In 2013 H&H reported that the number of dog attacks on horses had almost doubled in the past year, according to the British Horse Society.


Great work done by in Britain.


Each Flag has up to 200 accidents in an area.






Animal abuse exposes one of the ugliest sides of humanity. Currently, a video of a stagecoach driver beating up his horse is gaining attention in Korea for its brutality.

The incident occurred in the city of Gyeongju at a vacant lot. In the video shown above, the driver can be seen hitting the horse starting at the 0:20 mark with what appears to be either a stick or a whip. The horse attempts to flee the driver, yet once the driver catches up, he continues to flog the horse. Even after the horse collapses from the pain, the driver continues to hit him. The beating actually gets worse, as the driver repeatedly flogs and kicks the horse in the head.

Although other people can be seen slowly gathering around the horse, they appear to be more interested in taking away the stagecoach equipment than actually caring about the horse.

A witness told JTBC News, "The driver felt justified in hitting the horse and there was no person who stopped him. The horse, who was being struck by a wire-like instrument, was gasping for air and looked like it was under extreme torture."

When the reporters showed the driver the video, he reportedly said, "That never happened. I don't know."

Meanwhile, the Korean animal rights group Coexistence of Animal Rights on Earth (CARE) is collecting signatures for their petition to place a sales ban on the driver's business as punishment. The stagecoach driver is reported to work in a business that caters to tourists who want to see the city.

Netizens appear to prefer a harsher punishment, however, as top comments include, "Ah, just beat him up like he did to the horse...," "What are you doing to an animal who can't even speak for itself," and, "The problem seems to be humanity."








 When covering veterinary conferences, there's always that one presentation that stands out among the rest.

 At the 2014 American Association of Equine Practitioners convention held this past December, that presentation for me was one Dr. Rob van Wessum gave on detecting sacroiliac disease (SI) in horses. It was incredibly practical, presented in an easy-to-understand manner, and included lots of imagery and videos, yay! If a horse's haunches make a smaller circle than the rest of the body when longed, he might be showing signs of SI disease.

Photo: Kevin Thompson

 But above all that, it's a topic I'm genuinely interested in. My horse Hannah struggled with some hind-end lameness about two years ago, stemming from the SI region (where the spine meets the pelvis). I've been devouring any information I can find on the issue ever since. What Dr. van Wessum described in his presentation was a "checklist" he's developed over the years to determine whether a horse has SI disease. It's comprised of six simple tests the veterinarian can perform during a standard lameness exam. If a horse shows at least three of the six indicators, chances are he has SI disease. And Dr. van Wessum is pretty confident in his method--he's looked for these signs in 2,467 lameness cases he's evaluated over the last 10 years and used them (along with advanced imaging techniques) to help diagnose 327 horses with the disease. Without further ado, here are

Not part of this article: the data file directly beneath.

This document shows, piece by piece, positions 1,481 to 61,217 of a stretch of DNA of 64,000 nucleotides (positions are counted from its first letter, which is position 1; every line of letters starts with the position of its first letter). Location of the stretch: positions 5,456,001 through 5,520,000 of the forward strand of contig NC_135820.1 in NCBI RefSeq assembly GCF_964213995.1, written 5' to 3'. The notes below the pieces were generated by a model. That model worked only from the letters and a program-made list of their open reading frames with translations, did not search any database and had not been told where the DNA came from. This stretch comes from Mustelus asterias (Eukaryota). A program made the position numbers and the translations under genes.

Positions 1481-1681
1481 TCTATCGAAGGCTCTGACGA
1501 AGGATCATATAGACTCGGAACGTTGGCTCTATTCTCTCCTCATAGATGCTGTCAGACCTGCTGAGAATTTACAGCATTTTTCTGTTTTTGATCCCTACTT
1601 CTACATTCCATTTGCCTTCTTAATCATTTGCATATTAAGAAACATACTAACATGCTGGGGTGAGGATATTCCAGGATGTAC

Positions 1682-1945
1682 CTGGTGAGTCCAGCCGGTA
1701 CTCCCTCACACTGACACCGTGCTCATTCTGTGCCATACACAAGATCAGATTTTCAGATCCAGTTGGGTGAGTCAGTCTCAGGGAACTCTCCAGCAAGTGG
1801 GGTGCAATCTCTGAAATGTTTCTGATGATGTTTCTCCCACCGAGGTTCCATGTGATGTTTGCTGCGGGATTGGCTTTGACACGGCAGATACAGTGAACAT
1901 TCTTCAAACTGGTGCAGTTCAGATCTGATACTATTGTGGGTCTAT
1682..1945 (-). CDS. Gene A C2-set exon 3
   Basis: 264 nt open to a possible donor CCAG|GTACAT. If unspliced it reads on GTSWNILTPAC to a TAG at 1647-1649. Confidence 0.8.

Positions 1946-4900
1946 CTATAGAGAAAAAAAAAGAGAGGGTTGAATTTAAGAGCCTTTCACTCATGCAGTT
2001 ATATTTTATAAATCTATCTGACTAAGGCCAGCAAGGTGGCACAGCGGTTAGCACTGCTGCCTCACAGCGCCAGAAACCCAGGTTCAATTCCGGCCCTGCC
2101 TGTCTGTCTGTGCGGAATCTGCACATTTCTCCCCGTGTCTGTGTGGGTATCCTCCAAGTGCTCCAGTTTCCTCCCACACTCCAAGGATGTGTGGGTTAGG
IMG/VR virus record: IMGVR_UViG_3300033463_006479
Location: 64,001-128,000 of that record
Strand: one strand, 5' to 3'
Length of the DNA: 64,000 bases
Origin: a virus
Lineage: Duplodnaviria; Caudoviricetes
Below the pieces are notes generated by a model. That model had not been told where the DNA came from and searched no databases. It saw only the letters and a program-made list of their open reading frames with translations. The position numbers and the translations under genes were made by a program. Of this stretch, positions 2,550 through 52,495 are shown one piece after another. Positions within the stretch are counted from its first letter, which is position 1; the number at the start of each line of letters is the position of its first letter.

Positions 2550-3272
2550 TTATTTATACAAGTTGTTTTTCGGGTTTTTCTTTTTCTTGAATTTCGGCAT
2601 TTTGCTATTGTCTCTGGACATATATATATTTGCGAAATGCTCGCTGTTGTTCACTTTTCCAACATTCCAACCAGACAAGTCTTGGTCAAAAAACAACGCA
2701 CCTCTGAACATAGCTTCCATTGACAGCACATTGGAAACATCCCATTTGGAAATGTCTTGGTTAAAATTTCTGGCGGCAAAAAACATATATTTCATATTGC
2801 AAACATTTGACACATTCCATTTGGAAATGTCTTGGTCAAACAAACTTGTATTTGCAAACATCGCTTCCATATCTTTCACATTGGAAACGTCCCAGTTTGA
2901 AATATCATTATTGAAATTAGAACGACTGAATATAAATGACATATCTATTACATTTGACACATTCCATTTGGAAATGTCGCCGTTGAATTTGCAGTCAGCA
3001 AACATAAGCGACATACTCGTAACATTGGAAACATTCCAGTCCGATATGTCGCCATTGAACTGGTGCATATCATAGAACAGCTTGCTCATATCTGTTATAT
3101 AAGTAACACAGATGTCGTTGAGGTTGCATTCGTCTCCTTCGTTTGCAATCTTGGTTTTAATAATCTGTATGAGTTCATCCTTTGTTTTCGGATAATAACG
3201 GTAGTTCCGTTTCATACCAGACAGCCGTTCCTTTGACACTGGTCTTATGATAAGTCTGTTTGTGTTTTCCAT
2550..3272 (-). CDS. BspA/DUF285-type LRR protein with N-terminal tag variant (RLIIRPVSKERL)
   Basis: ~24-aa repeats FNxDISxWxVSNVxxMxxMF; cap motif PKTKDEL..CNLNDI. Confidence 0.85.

Dr. van Wessum's six indicators of SI disease: Tracking narrow behind.

He said affected horses often look like they are "walking on a cord," placing their hind feet on the same line in front of each other at the walk and, even more so, the trot.

 A lateral walk. Upon walking an affected horse in a serpentine pattern, the front and hind limbs on the same side move forward at the same time, similar to a pacing gait.

 Haunches in/out. If you longe an affected horse in a circle, you'll notice that the hind limbs don't follow the same circle as the front limbs, with the haunches making a smaller circle than the rest of the body.

 Asymmetric tail position. When an affected horse walks in a serpentine, he will lock his tail to one side.

A "bunny hop" canter. When affected horses canter, they lose their normal three-beat pattern, and the hind feet land together in a "bunny hop" motion.

 I distinctly remember Hannah bunny hopping when she first started showing signs of soreness! Reduced lumbrosacral flexibility. Place one hand on the point of the hip and pull the tail toward one side, then repeat this on the other side. Also make the horse "tuck under" by scratching each hamstring with a pointed object. A healthy horse's flexibility should be the same on each side. Walking horses in a simple serpentine pattern can sometimes reveal signs of SI disease. While my own SI case study, Hannah, has been sound and symptom-free for more than a year and a half now, I decided to try a few of these tests on her just to see what I'd find. The results were pretty boring. We serpentined our way around the barn, Hannah cantered on the longe, and I pulled on her tail for a bit. She looked like your average, healthy horse and showed no signs of SI disease. She did, however, give me some very ugly mare faces when I accidently pulled her tail a bit harder than I should have. As you can tell, these are all pretty do-it-yourself tests. But, still have your veterinarian perform a full lameness exam and some diagnostic imaging to confirm your horse has an issue. With appropriate treatment, says Dr. van Wessum, these signs can disappear over time. Have you had a horse that's suffered from SI issues?